Explaining labour market emergence : the case of early music performance in the UK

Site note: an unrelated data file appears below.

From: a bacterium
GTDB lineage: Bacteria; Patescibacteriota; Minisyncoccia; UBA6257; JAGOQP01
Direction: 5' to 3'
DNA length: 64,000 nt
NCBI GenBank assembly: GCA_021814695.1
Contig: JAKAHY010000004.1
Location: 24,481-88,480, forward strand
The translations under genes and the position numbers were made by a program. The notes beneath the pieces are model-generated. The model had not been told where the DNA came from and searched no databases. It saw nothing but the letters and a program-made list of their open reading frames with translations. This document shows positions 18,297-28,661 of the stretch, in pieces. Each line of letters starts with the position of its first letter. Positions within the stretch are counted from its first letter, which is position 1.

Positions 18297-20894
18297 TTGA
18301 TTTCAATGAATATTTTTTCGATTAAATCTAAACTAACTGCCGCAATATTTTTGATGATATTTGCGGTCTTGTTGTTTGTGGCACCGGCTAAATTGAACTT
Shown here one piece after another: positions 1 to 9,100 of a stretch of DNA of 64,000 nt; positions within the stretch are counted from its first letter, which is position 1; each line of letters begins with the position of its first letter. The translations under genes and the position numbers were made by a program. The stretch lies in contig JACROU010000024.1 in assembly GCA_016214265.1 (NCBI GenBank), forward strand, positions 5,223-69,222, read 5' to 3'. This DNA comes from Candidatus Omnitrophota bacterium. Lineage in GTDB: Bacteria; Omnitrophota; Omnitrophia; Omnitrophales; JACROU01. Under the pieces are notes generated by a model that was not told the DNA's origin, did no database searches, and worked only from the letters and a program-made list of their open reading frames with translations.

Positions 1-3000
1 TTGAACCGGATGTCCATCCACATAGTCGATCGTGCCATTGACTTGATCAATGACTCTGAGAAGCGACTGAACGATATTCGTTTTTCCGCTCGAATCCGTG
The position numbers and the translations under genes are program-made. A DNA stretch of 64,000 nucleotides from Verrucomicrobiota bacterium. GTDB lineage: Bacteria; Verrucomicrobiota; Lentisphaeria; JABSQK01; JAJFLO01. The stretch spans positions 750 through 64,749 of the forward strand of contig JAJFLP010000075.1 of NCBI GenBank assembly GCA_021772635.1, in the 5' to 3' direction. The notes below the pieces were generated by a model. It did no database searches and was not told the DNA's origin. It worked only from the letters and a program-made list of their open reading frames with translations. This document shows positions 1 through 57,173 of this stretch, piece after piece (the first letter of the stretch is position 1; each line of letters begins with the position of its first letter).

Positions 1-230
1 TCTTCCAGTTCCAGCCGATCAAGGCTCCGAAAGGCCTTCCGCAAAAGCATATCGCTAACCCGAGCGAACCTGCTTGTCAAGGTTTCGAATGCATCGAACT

The primary purpose of this thesis is to provide a causal explanation of the emergence of the UK early music labour market. The labour market for early music performers was held to have appeared in the 1970s, when the early music movement established itself as a major cultural force in the UK. It is argued that current labour market theory has been hampered in its ability to explain this phenomenon because i) it has generally taken the view that labour markets “just exist”, and ii) because existing accounts are too often founded on conflationary theorising. The only way to offer a practically adequate causal explanation of this emergent phenomenon is to adopt an approach that can account for the transformational and stratified nature of social reality. Critical realism is introduced as the philosophical “underlabourer” for this research project, with Archer's (1995) morphogenetic method representing its methodological complement. Following an immanent critique of the labour market literature, I present a re-conceptualisation of the labour market and its emergence, drawing on a critique of the entrepreneurship literature and the process of qualification. This frames the empirical research of the emergent early music labour market, involving both intensive and extensive research. The outcome of the research takes the form of an analytical historical account. The temporal and relational emergence of the UK early music labour market is shown to depend upon a range of key causal configurations (including the presence/absence of funding and training; enterprising capabilities; incubation opportunities; and re-qualification). Two underlying causal mechanisms (the tendency towards transformation and the tendency towards standardisation) are highlighted. It is argued that the retroduction of these mechanisms represents a significant contribution to knowledge with respect to our understanding of labour markets, markets in general, and the process of entrepreneurship.